The Stones did four excellent new songs in this show--"Flip the Switch," "ASMB," "Out of Control," and "Saint of Me"--but none of them was received as well as I had hoped. "Out of Control" has some awesome lyrics: specifically, the line where Mick sings, "And the drunks and the homeless they all know me," but the echoes in the Silverdome sound system made it difficult to hear many of the words. (Later in the show the sound got much better.) As for the new songs, personally I wish they would throw in "Gunface," which I think is the best song on the new album. (You were right, Steve!) During "ASMB," Mick and the male backup singer included a line in the rap part about coming to rock "Detroit City," but you couldn't hear the male backup singer very well at all. (Every time Mick acknowledged the crowd by saying "Detroit City," the crowd went wild.)

The cybercast vote went to "Just My Imagination." Mick changed the line "She doesn't even know me" to "she doesn't f*cking know me." Except for the tight last few chords, that song didn't work at all, perhaps because they have not performed it much. Another misfire was "19th Nervous Breakdown." To make that song sound great live, the Stones should have done two things: first, the descending bass line from the original should have been included (preferably with Bill Wyman performing it), and Mick should have gotten the crowd riled up to join him in the "Here-it-comes"es.

They had a mishap after "Sympathy for the Devil," when Mick was leading the audience in an impromptu sing-along with the "woo-woos," and Keith interrupted that by starting into "Tumbling Dice." Oops. "Gimme Shelter," Miss You," and all of the big hits at the end of the show sounded terrific. Keith played a bit of piano during "Honky Tonk Women," and it was refreshing to see them doing that one without blowup dolls or hokey video clips. Just them performing it. They really sounded incredible. "Start Me Up" is one of my favorite Stones songs because it is so simple yet so much fun. "Jumping Jack Flash" and "Brown Sugar" are also a thrill. I was pleased that they included "You Can't Always Get" in the encore. I must admit, though, that during "Brown Sugar" I was looking more at the glitter shower that was engulfing our section than the stage. And as always I enjoyed watching Mick dance and gyrate and run from one end of the stage to the other. Too bad he didn't take off his shirt.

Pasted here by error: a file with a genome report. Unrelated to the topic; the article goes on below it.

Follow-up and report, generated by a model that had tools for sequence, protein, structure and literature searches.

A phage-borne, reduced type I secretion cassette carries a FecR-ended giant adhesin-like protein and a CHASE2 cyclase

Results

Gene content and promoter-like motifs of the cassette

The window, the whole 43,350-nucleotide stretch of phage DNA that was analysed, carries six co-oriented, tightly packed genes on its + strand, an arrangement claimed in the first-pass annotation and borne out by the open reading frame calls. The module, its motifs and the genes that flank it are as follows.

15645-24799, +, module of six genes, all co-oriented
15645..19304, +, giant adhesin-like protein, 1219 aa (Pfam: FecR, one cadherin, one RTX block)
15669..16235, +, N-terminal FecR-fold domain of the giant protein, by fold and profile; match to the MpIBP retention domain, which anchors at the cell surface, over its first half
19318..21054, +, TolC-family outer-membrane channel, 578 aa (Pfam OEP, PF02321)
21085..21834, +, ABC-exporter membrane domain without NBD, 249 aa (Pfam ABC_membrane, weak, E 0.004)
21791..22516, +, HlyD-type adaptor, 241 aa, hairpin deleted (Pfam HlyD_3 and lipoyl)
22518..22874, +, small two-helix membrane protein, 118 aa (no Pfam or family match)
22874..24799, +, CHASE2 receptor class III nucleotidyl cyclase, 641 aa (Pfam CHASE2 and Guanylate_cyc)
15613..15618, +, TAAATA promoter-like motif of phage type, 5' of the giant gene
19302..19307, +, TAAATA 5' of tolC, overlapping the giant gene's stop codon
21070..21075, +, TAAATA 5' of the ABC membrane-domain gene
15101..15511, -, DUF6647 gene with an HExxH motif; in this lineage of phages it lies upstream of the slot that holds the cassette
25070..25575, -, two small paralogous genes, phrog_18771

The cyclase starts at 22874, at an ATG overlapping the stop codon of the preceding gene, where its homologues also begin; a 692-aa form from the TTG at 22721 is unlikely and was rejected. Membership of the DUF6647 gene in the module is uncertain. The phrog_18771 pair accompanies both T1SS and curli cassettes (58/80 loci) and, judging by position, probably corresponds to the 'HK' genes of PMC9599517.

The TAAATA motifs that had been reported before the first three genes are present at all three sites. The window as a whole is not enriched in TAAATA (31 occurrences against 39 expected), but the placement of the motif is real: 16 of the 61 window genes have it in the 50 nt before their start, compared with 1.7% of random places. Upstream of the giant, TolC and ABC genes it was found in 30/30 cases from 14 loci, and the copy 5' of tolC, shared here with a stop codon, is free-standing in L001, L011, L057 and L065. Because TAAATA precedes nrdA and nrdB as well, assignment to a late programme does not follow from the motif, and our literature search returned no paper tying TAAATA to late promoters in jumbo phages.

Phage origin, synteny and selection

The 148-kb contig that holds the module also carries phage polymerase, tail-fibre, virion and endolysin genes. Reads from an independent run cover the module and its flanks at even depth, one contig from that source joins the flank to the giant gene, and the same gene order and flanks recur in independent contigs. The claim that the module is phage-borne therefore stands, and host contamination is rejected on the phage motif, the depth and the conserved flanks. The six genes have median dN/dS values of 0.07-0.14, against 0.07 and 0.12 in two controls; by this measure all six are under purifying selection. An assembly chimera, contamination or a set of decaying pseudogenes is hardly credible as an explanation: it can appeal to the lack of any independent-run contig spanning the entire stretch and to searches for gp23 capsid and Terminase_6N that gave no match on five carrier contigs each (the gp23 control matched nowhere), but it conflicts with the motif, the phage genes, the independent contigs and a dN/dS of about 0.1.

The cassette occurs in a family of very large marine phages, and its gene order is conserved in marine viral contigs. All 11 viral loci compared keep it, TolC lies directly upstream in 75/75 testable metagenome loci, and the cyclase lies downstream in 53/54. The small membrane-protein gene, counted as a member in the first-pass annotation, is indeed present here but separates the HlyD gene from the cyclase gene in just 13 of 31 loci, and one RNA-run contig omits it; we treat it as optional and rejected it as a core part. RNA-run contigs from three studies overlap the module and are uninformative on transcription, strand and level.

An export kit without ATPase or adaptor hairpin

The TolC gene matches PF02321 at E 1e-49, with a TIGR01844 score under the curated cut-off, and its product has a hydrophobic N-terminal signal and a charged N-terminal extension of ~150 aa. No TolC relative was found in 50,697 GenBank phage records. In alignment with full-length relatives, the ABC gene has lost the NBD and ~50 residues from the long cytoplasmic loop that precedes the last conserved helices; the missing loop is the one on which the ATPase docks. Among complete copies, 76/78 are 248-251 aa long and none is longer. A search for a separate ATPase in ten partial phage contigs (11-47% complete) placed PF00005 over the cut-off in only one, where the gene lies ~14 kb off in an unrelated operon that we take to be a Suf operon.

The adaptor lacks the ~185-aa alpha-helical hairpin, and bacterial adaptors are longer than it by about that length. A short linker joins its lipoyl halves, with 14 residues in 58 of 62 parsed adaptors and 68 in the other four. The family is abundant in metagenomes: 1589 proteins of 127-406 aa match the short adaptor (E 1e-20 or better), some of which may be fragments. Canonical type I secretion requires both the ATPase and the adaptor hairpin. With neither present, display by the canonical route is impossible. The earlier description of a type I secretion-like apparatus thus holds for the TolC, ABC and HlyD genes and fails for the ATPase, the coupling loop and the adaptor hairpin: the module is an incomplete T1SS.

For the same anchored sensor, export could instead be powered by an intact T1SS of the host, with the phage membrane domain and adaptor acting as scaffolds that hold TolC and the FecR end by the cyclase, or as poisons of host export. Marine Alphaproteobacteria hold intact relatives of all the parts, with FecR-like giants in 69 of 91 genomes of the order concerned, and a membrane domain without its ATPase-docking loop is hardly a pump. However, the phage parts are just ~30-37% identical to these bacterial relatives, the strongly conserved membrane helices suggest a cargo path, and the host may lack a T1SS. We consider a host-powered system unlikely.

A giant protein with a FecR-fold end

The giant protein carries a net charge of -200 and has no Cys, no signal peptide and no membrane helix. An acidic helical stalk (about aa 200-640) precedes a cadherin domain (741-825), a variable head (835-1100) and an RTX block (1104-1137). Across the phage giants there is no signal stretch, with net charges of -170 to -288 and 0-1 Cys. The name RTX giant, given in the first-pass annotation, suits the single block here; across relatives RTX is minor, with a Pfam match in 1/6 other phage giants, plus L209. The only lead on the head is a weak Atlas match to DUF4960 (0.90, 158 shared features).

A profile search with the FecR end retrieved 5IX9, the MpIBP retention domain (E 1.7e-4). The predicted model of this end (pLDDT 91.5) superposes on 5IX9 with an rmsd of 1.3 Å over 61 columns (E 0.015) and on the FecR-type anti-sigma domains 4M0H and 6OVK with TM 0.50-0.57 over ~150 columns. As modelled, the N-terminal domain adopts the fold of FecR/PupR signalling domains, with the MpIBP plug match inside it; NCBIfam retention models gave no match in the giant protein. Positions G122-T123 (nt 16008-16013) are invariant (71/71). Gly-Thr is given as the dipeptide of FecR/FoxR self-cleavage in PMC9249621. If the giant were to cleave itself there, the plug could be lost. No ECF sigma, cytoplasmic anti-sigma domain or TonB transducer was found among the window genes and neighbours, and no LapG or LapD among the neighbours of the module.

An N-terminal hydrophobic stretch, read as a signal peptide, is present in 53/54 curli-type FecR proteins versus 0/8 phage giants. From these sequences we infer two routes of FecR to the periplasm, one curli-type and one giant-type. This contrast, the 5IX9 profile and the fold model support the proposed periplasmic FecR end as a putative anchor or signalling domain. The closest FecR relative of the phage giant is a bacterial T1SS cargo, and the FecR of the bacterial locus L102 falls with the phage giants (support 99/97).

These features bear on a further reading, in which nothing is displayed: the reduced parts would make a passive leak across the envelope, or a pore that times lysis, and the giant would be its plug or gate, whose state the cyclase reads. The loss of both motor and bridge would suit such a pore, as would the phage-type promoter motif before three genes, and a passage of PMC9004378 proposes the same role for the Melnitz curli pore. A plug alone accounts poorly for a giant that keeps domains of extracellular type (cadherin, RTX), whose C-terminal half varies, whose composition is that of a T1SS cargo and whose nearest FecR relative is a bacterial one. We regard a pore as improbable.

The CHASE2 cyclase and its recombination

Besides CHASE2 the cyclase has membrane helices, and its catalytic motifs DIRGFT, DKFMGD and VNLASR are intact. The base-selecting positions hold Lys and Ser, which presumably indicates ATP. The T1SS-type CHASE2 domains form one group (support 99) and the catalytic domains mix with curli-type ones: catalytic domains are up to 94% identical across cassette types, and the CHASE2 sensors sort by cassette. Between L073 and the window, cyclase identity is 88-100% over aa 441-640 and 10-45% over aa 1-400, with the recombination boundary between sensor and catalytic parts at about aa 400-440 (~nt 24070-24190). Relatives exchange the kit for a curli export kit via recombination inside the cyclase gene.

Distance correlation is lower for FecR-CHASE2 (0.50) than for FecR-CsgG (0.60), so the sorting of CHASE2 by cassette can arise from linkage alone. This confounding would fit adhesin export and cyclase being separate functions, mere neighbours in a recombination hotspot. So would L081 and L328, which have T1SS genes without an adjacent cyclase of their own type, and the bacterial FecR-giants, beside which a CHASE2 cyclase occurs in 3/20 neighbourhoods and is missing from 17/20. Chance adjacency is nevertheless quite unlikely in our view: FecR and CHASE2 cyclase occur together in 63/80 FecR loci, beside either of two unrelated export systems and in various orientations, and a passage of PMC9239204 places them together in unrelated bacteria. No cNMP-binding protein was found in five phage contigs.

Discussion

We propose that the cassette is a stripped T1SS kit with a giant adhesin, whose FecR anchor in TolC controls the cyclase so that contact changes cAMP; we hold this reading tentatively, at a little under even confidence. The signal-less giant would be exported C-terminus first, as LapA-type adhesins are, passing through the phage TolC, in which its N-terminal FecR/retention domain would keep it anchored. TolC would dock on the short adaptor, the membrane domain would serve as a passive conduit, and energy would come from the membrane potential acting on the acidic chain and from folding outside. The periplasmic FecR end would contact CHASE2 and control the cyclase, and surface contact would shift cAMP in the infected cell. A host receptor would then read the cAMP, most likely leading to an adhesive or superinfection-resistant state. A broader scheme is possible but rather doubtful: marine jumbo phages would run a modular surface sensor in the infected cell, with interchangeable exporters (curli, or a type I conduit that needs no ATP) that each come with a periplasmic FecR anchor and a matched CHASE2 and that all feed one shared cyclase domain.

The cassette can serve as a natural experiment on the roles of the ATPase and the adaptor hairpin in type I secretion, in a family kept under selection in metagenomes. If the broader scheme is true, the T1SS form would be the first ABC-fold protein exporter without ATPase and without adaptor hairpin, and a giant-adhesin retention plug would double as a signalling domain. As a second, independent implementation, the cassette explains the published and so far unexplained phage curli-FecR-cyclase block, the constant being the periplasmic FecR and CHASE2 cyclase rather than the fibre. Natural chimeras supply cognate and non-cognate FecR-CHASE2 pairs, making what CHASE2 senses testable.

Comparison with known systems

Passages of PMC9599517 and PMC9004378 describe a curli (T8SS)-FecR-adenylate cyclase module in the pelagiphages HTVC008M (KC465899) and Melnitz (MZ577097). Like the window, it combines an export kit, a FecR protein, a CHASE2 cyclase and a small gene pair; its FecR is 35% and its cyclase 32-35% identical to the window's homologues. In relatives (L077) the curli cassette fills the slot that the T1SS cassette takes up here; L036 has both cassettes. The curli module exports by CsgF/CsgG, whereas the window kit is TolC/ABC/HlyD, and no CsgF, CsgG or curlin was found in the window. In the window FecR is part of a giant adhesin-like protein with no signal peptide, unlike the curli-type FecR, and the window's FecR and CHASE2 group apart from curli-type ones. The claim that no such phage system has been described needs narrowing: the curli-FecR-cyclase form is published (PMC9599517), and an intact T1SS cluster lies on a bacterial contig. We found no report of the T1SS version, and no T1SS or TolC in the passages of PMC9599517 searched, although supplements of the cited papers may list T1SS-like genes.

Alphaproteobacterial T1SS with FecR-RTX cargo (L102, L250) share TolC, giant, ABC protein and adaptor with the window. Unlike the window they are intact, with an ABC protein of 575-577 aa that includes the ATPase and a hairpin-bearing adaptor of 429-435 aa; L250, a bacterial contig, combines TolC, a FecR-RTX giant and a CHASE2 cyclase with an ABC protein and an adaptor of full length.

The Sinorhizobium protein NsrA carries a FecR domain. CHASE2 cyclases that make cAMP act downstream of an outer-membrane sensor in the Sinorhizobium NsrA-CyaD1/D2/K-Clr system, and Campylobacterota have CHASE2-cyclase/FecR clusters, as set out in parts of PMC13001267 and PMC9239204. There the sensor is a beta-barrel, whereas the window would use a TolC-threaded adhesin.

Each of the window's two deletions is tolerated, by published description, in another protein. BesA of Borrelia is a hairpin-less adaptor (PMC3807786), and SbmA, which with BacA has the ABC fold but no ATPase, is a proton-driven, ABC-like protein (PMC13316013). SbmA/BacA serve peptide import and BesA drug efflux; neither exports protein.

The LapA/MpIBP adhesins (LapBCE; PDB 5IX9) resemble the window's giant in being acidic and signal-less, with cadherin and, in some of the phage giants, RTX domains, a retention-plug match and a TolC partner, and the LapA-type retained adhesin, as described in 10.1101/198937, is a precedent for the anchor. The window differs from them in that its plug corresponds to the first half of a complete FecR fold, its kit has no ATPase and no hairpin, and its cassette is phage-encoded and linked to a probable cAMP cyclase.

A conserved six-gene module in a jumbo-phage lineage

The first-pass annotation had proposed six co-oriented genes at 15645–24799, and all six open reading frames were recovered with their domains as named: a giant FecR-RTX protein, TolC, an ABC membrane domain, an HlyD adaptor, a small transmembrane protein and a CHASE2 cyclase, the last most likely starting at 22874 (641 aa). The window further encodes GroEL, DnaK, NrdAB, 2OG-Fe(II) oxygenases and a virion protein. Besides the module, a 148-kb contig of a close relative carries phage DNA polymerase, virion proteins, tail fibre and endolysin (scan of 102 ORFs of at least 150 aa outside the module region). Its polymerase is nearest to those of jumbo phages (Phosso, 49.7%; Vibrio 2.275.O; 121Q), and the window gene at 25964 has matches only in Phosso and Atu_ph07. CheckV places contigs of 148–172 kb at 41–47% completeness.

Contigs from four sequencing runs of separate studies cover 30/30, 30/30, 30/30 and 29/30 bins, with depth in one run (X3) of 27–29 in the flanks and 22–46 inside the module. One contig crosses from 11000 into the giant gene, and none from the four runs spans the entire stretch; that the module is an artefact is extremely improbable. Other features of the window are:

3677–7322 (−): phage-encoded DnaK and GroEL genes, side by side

This was the fourth Stones show I had been to. (I also saw the first Giants Stadium show in September, plus shows on the '89 and '94 tour.) I am also going to see the Stones for at least two of the three Madison Square Garden shows in January.

A few other comments from this diehard Stones fan:

* I absolutely love it when the Stones extend their songs at the end of a show. During "Jumping Jack Flash" and Brown Sugar," they just kept repeating sections of the song to make it last longer and longer. It is evident that they really enjoy being on stage and performing in front of all these people.

* I think it is brilliant that they open the show with the spotlight and video camera on Keith strumming out the lick for "Satisfaction." Also, I like the close-ups throughout the show of "Keef" playing his guitar.

* Charlie Watts is the best drummer ever in the history of rock'n'roll.

* I think the backup singers and musicians have too great a presence on stage. I really wish that the contributions by the horn section and the backup singers were kept to a minimum, and certainly not included in every song.

* I strongly suspect that the cyber cast vote is fixed. How could a song like "Factory Girl" win once and then be last place two days later? I don't get it.

* Keith and Mick, if you are reading this, and if you are taking requests, a few songs that I would be thrilled to have you perform live are the following: "Black Limo," "When the Whip Comes Down," "Where the Boys Go," "Respectable," "Lady Jane," "Had It With You," "She's a Rainbow," "Undercover of the Night" "Memory Motel" and of course "Shattered." (Please play some of these songs at the Garden!)

Report by Ken Kolker
The Grand Rapids Press

A Kentwood woman whose son fell 23 feet to his death at Tuesday's Rolling Stones concert in the Pontiac Silverdome wasn't surprised he was dancing on a handrail before he slipped.

That wouldn't be out of character for her son, Eric Zylema.

"He was kind of like a free spirit," said his mother, Rose Schenck. "He enjoyed life...I could see Eric doing this..."